There are a number of different stories told about the power of the stone idol. One stormy day an Island man was so sick his wife believed he was not long for this world and although she had prayed to the idol to restore him to health it was to no avail. She decided to send for the priest from the mainland to see if he could help him and if not at least administer the last rites. Unfortunately, there was an incredible storm brewing and the Islanders were scared of putting to sea without the stone idol to protect them on their voyage. They placed the idol in the boat and set off for the mainland, they successfully made the voyage and declared to the astonished priest that it was the presence of the idol that ensured their safety. The sick man recovered and this was also attributed to the power of the Naomhóg.
Another story relates how a number of pirates landed upon the south Island and finding very little plunder they decided to set fire to all the cottages. They burned very easily as they were mainly constructed of timber and straw, all except one. This would not burn no matter what they did to it, every time they lit a fire it promptly went out. The leader of the pirates was incensed by this and suspecting witchcraft he ordered the cottage to be searched. He had heard rumours about the power of a stone idol that was in the possession of the Islanders and his men appeared carrying the Naomhóg, he gave orders that it should be smashed. This would put an end to the raising of storms and the destruction of ships that he considered his own; it would also prevent the Islanders from seeking their revenge upon him for his actions that day.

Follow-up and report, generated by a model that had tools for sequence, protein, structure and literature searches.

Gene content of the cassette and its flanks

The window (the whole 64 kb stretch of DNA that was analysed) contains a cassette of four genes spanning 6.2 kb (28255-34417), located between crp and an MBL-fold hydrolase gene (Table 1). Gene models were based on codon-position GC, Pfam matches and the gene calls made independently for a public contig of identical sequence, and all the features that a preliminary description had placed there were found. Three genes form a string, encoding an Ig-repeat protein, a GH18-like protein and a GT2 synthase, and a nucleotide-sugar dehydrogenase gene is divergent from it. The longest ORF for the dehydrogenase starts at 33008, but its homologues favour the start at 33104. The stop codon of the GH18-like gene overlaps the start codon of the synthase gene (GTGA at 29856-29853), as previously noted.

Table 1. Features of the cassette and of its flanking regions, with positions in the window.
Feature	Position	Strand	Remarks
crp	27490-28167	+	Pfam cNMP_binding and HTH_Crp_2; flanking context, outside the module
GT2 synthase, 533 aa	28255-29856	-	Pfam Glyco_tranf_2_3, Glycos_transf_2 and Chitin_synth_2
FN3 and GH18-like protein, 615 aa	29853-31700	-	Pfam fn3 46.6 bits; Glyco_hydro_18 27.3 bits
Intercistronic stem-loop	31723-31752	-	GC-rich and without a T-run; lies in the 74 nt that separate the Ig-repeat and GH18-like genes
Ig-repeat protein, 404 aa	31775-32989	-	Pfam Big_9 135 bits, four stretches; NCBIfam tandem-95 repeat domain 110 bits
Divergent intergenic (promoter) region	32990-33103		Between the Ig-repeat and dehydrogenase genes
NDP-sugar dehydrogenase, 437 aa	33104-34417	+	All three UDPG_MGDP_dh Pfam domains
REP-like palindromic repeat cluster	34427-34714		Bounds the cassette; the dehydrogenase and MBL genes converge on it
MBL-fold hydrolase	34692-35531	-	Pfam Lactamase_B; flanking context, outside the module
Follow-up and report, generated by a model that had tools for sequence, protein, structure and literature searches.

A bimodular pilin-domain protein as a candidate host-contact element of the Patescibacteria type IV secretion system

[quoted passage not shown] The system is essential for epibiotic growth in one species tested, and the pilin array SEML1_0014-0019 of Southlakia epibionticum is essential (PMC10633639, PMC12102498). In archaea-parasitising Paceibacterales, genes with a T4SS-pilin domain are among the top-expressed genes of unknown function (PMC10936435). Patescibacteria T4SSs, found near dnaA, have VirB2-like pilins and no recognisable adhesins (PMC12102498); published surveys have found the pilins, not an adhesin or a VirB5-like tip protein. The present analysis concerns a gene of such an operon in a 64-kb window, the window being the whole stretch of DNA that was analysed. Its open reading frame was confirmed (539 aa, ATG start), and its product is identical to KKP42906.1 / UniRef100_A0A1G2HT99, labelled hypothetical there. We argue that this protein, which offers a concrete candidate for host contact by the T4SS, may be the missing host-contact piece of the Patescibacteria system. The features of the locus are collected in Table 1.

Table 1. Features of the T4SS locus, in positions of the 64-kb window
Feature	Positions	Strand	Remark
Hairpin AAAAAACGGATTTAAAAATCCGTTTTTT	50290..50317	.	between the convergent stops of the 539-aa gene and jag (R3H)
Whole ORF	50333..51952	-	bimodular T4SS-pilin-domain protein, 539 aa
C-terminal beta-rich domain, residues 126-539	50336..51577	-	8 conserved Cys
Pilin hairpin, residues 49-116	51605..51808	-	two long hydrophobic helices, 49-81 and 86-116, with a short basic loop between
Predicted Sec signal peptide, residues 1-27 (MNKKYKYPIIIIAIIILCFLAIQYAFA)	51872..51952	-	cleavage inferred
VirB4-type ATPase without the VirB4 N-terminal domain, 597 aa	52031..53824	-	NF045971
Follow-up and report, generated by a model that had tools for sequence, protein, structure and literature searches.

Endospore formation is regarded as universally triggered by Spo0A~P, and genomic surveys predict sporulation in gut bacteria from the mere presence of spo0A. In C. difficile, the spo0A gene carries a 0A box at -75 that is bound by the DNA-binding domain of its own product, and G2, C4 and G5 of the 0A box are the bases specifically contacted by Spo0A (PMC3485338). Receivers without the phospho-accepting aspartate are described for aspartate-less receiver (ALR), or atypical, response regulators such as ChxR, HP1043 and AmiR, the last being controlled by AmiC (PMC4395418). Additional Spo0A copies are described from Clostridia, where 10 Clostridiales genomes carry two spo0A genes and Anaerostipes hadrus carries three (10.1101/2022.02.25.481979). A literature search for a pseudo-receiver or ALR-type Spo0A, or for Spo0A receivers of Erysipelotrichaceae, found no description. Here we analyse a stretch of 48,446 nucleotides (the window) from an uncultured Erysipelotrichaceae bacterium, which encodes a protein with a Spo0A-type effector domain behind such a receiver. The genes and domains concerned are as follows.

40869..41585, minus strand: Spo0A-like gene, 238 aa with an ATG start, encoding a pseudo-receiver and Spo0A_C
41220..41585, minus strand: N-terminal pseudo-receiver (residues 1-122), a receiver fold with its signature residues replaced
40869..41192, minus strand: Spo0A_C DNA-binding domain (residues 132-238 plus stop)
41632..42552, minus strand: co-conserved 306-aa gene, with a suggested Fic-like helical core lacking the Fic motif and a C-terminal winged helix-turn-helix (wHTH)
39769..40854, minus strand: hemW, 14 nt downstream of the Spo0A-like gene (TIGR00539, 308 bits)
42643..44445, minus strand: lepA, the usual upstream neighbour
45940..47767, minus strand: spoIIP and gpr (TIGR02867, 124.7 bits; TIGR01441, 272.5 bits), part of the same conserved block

The Pirates returned to their ship and with the sound of laughter sailed away never to return. The Islanders collected all the broken pieces of the stone idol and tied them together with strips of leather and in order to keep the idol warm they dressed it in a suit of flannel. This flannel is replaced every New Year. No one is sure whether the treatment by the pirates had any long lasting effect upon the idol but the Islanders still held it in great regard.